A growing number of Northlanders have never even set foot inside the church. Each weekend, about 2,000 worshipers attend Northland via interactive webstream, participating in live services and connecting with one another. We have multiple online environments (the largest are at northlandchurch.net and at Facebook) where people can gather in community, share prayer requests, chat one-on-one with an online minister and join together in worship.
Northland’s senior pastor is Dr. Joel C. Hunter. During Dr. Hunter’s tenure, which began in 1985, Northland has grown from 200 faithful souls to a congregation of 12,000 that worships throughout Metro Orlando and around the world via interactive Webcast. A longtime bridge-builder who seeks common ground for the common good, Dr. Hunter approaches today’s issues in a biblical and balanced manner. He has become an internationally known spokesperson for “compassion issues” outlined in Scripture: sanctity of life, creation care, justice, poverty, and marriage and the family. He and his wife, Becky, are parents to three married sons and have been partners in the ministry since their marriage in 1972. For more information about Dr. Hunter, please click here.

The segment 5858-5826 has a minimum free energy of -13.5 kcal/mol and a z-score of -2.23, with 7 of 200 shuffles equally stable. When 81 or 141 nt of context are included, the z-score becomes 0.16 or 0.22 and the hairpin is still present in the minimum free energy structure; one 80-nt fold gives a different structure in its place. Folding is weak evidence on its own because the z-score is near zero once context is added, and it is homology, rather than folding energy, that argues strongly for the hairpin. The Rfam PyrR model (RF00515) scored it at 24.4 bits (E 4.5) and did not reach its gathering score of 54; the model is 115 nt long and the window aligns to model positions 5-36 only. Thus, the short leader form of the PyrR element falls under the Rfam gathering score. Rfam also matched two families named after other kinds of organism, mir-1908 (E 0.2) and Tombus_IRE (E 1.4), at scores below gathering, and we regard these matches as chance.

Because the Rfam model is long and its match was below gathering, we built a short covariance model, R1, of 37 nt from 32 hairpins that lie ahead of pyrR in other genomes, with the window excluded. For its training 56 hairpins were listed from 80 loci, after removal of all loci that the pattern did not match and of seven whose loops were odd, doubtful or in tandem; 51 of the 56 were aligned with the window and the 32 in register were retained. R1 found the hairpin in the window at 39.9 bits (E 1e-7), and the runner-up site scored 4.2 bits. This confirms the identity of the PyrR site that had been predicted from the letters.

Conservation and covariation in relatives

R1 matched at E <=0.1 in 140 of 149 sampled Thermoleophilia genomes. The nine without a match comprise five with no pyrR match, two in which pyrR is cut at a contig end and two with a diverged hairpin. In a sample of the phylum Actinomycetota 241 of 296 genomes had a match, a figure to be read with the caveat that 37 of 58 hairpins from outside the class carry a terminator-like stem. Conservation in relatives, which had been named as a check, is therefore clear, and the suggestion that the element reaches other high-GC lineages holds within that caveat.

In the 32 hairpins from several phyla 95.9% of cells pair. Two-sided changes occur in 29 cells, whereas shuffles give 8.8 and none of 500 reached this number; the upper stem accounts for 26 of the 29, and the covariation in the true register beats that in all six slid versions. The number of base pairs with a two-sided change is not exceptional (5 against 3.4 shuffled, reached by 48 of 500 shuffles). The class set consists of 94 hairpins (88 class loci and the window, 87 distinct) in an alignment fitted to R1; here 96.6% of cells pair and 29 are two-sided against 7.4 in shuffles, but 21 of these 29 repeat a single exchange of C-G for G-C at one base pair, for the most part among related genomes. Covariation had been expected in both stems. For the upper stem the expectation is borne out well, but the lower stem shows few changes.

Put simply: It means that church isn’t a building … it’s people “being the church,” everywhere, every day. It also means that, in recognition of how God distributes different gifts among different people (1 Corinthians 12:11), we connect with individuals and organizations outside our four walls for long-term support and effectiveness—without blurring distinctions.
Dr. Hunter puts it this way: “Both spiritual and intellectual maturity grow from differences. A distributed church uses contrasts to accomplish kingdom purposes.”